Qualitative Analysis of Home Videos

Analysis was informed by a grounded theory approach (Strauss & Corbin, 1990), and identified emergent codes through the lens of a conceptual framework (Watson et al., 2011), which categorizes sensory features within the three patterns of: hyporesponsiveness, hyperresponsiveness, or sensory seeking. Our research questions led the first author (A.F.) to identify instances of behaviors that appeared to be related to one of the 3 sensory features, with the goals of both strengthening theories surrounding sensory processing as well as exploring the phenomena of sensory features and the nuances of the contexts in which they occur.

ATLAS.ti was used for reviewing and coding. The first of three phases included repeatedly viewing all footage for each case, and identifying ‘incidents’ of behaviors as units of analysis (Larkin, 2009). These incidents included any behaviors that 1) appeared to be sensory in nature, 2) were potentially related to development of sensory patterns, or 3) any other behaviors ‘of interest’ that emerged as unusual or noteworthy during the coding process (e.g., atypical motor patterns).1 A second phase reviewed the incidents using open coding to describe the context or observed activity (e.g., free play, community), as well as observed behaviors or perceived affect (e.g., spinning object, positive affect) and sensory-related descriptors (e.g., hyporesponsiveness). Finally, A.F. re-reviewed all footage to ensure that assigned codes described the identified incidents. Following the open coding process, she used her familiarity with the totality of the footage for each case to give an overall clinical impression of the observed sensory features for each child (see Figure 1). In line with the qualitative nature of the study, the first author was not blind to diagnostic group.

Figure 1
Trajectory of Sensory Features – ASD group only

All authors participated in an ongoing process of reviewing the video segments and associated codes, as well as in theoretical discussion surrounding A.F.’s observations, coding, and clinical impressions for the purpose of member checking. Further, a series of ‘incidents’ for selected cases were reviewed by all authors to validate the clinical impressions.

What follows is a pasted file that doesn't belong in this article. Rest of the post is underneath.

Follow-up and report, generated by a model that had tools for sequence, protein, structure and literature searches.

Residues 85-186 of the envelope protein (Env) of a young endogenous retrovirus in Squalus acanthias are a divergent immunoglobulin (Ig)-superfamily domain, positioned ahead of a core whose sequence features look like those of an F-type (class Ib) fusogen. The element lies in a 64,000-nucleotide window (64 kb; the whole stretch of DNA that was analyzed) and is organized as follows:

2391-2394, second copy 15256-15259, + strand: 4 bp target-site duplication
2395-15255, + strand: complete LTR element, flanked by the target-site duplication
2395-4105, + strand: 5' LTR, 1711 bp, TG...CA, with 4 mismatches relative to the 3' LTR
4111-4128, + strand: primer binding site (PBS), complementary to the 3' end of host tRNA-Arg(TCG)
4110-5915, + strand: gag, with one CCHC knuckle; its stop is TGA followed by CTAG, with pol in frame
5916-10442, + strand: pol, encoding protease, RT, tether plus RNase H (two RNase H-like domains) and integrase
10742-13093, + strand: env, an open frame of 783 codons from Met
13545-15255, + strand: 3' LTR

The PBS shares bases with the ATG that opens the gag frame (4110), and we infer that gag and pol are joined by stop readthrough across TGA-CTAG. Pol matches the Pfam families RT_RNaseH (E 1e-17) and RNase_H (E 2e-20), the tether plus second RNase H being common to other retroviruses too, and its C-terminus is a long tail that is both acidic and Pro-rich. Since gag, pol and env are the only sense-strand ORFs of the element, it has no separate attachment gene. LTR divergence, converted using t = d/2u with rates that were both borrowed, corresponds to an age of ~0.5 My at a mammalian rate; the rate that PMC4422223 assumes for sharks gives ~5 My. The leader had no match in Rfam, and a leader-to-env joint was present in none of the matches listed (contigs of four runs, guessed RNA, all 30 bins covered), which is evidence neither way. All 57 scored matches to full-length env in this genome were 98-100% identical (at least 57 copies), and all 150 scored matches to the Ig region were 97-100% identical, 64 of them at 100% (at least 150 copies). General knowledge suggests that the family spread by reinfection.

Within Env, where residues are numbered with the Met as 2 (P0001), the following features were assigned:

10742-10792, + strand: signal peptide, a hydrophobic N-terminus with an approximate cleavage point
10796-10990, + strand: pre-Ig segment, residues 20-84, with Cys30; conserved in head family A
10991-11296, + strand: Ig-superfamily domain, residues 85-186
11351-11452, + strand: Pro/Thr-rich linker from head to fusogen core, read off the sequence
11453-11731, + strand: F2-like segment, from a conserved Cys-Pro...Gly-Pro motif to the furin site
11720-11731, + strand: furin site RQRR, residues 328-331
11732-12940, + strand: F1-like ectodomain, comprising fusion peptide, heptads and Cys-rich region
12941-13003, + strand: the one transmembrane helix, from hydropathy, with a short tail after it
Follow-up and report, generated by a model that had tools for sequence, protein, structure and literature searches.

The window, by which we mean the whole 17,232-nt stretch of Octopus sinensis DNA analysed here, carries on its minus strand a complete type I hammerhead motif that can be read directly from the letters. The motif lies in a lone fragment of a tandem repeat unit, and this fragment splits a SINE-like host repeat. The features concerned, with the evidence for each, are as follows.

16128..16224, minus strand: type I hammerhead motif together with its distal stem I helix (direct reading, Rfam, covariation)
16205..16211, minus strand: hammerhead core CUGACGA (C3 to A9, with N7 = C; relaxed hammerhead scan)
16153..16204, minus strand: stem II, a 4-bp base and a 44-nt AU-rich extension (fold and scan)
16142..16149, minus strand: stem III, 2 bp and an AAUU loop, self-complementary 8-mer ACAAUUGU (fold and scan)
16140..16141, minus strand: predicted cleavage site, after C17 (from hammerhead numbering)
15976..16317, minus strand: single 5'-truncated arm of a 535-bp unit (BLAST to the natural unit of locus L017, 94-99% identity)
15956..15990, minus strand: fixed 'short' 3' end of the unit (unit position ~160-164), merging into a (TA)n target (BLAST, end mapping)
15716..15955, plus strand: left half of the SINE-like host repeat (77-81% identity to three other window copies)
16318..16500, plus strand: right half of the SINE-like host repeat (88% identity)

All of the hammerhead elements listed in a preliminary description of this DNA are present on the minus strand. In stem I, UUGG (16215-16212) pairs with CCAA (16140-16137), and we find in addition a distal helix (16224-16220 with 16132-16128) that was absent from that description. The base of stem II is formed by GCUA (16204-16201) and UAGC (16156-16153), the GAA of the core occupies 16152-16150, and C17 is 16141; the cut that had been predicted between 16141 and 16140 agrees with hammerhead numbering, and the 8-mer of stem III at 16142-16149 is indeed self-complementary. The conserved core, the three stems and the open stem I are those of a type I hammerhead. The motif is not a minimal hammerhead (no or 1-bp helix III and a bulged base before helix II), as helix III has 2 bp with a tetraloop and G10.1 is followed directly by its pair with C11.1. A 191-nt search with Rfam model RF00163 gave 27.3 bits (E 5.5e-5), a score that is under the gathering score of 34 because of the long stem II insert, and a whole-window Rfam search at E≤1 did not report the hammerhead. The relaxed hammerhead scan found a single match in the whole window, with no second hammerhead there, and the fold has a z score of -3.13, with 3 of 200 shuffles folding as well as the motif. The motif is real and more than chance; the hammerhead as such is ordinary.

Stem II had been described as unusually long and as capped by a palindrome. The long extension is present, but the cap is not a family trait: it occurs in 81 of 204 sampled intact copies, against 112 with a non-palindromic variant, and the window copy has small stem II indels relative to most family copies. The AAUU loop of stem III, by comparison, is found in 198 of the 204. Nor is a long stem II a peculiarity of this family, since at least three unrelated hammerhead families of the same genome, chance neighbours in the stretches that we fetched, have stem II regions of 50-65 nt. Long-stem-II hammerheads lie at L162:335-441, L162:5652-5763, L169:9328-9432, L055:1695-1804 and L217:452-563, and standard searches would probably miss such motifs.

Qualitative analysis of infant home videos revealed a number of emergent codes, some of which identified early features that may be precursors to later extreme sensory patterns in the ASD group. These codes included hyporesponsiveness (e.g., child displays delayed or lack of response to name call), hyperresponsiveness (e.g., child displays aversive reaction to being dipped in ocean as evidenced by holding feet up coupled with a negative affective facial expression), and sensory repetitions (e.g., spinning, mouthing objects), as well as atypical motor postures (e.g., unsteady gait, posturing). Overall clinical impressions of features in the infant videos showed that hyporesponsiveness was most evident in the ASD group, followed by sensory repetitions. Hyperresponsiveness was noted in only two cases at infancy. There was no evidence of intense sensory seeking that was qualitatively distinct from the developmentally common sensory repetitions noted above.

In the DD group, evidence of sensory precursors was surprisingly lacking in the infant videos. In two cases, there were instances of atypical motor postures and mouthing, however, each case in the DD group received an overall clinical impression of ‘no significant evidence of sensory features’ during infancy.

Stability of Features

In the ASD group, two trajectories were observed: (1) stability of hyporesponsive patterns from infancy to preschool or school age, and (2) shift from hyporesponsiveness in infancy to sensory seeking at preschool or school age (See Figure 1). Of the ASD cases presenting with stable hyporesponsive features, all children also showed sensory repetitions in the videos. In contrast, for those cases for which a clinical impression of hyperresponsiveness was given during infancy, there was an ‘extreme’ absence of any of the three sensory patterns at a later age. In the DD group, all of the cases presented with little evidence of sensory precursors based on clinical impressions of observed home movies, regardless of the extreme presence or absence of the three sensory patterns evident at preschool or school age.


Overall, the analysis revealed that precursors to sensory features emerge early in children with ASD. Despite heterogeneity in sensory patterns at preschool or school age, early features were more homogeneous, providing evidence that hyporesponsiveness may be a precursor for all three extreme sensory patterns present at later ages. Hyporesponsiveness was also relatively stable across time, perhaps suggesting these features may be related to enduring temperamental traits. Alternately, sensory hyperresponsiveness was less evident during infancy, and there was no strong evidence for stability over time. Although parents may not videotape situations that cause distress for infants, it is also possible that hyperresponsiveness becomes apparent in later years as children are exposed to increased sensory challenges in their environments and begin to assert more independence in their activity patterns (e.g., avoiding foods or play materials; showing distress to grooming).